Posted by: Corina Paraschiv | July 1, 2009

Story of Writing

Here’s something I had never thought about.  You’re told when you’re a kid that the first form of writing ever was invented in Mesopothamia – the cuneiform writing.

Here is an example of how the Mesopothamians wrote in clay

Here is an example of how the Mesopothamians wrote in clay

You know, those little corners and dots and all that.  The funny thing is I never had asked myself how they came to make this : I thought they had just magically woken up one morning and invented writing.  Turns out they did have something before this : every time someone sent out to get some animals, the messenger came back not only with the animals, but with a curious clay “envelope”.  The envelope  contained cones, spheres, and other shapes.  Scientists recently found out these shapes were meant to symbolize the type of heard (and quantity of animals) transferred in the transaction so that the owner could have a proof, a “receipt” of what was purchased and what he should be received.

Fired clay tokens, stored in round clay “envelopes,” were the first visual means of keeping track of goods. When people began impressing the tokens onto the outside of the envelope, they invented writing.

"Fired clay tokens, stored in round clay “envelopes,” were the first visual means of keeping track of goods. When people began impressing the tokens onto the outside of the envelope, they invented writing."

Prior to the writing invention, trade was very problematic indeed — there was little way of accounting for what was exchanged unless someone went face to face to acquire the goods.  If a middleman were used, there was no way to prove whether missing or damaged material came because of the sender shipping off less than promised (or of lesser quality), because of the material worn out or broke during the transportation or because of theft from the middle man.  With the apparition of written records, a middle man could then be sent and all the merchandise could be accounted for.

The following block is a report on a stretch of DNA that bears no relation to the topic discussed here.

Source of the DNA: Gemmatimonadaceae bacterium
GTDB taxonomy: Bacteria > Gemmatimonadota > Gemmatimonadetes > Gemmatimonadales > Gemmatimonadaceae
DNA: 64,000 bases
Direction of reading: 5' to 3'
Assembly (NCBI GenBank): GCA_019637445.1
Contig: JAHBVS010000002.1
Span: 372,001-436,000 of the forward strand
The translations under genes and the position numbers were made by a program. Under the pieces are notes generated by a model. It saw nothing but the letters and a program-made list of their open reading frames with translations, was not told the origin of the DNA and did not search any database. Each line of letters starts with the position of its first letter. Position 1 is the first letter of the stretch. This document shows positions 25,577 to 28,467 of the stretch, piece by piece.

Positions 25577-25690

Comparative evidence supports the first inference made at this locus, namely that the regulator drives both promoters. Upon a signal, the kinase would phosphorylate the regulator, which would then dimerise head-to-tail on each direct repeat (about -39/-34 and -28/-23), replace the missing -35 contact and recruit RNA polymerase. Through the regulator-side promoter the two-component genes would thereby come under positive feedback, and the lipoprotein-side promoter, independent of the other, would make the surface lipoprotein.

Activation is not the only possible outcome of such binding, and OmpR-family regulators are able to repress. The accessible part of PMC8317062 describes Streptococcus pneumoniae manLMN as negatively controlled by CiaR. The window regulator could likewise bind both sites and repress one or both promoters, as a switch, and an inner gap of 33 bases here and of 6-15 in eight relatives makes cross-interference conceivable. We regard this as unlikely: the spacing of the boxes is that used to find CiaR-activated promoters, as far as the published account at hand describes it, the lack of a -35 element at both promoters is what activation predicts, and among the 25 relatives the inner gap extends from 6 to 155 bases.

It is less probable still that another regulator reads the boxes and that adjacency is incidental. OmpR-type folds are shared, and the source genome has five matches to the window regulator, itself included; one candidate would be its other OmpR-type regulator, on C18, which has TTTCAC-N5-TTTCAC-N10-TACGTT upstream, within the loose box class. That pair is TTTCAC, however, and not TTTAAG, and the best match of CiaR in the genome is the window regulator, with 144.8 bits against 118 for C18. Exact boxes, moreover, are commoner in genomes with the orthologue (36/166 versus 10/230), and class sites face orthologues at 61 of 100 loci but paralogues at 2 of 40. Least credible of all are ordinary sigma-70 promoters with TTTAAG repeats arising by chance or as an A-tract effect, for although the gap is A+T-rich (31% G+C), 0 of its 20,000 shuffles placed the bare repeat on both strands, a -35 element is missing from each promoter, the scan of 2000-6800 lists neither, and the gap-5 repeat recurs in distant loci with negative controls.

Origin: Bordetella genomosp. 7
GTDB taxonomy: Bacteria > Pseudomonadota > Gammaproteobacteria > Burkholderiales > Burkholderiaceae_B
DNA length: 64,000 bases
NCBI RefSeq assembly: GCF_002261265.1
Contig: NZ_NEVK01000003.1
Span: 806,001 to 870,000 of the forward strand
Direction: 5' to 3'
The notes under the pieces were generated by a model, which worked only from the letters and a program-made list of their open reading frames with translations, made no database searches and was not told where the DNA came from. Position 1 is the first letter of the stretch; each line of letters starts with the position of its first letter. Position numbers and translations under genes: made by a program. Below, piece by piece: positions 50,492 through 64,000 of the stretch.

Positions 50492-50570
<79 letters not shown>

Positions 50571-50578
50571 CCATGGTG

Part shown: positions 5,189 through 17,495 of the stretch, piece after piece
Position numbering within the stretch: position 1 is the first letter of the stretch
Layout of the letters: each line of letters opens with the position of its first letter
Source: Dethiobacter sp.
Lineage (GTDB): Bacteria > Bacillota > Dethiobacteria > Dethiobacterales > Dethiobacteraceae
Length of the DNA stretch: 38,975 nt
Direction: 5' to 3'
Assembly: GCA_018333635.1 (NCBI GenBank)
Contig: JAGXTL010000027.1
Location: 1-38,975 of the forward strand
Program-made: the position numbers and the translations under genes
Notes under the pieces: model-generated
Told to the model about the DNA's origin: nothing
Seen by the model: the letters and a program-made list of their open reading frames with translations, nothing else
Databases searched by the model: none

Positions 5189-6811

It’s interesting to note in all cases that writing got developed all over the world fairly independently, with different systems.  The one thing that was constant was that all systems had arithmetics/numbers and calculations written down before poetry and the likes appeared!  In many societies, numbers were like black magic for most people – those scribbly things most of them could not understand nor read could get them into jail, or depossed of all possessions, with the visit of a lawyer or someone of the court.

Luckily, we’re gone a long way since!  Today, still,  5 adults out of 100 cannot read in North America.  There’s a really amazing program I discovered not long ago called Souns where you can buy a special literacy kit for 100$ and teach mothers and toddlers how to read and write through an accelerated method using sounds.  I thought this is definitely a cool project to undertake one of these days.  Last month,  I organized a book exchange in the park – we set out books for children and adults all over a public park after registering them on the internet, to help promote literacy and the joy of reading.  I got curious to see who had picked up my book, and my book’s status is “still traveling”.  I hope whoever caught it will pass it on and share the pleasure 🙂   I think that might become my good action in the next few months as I move out of my house and need to do somethign with all those books I have!

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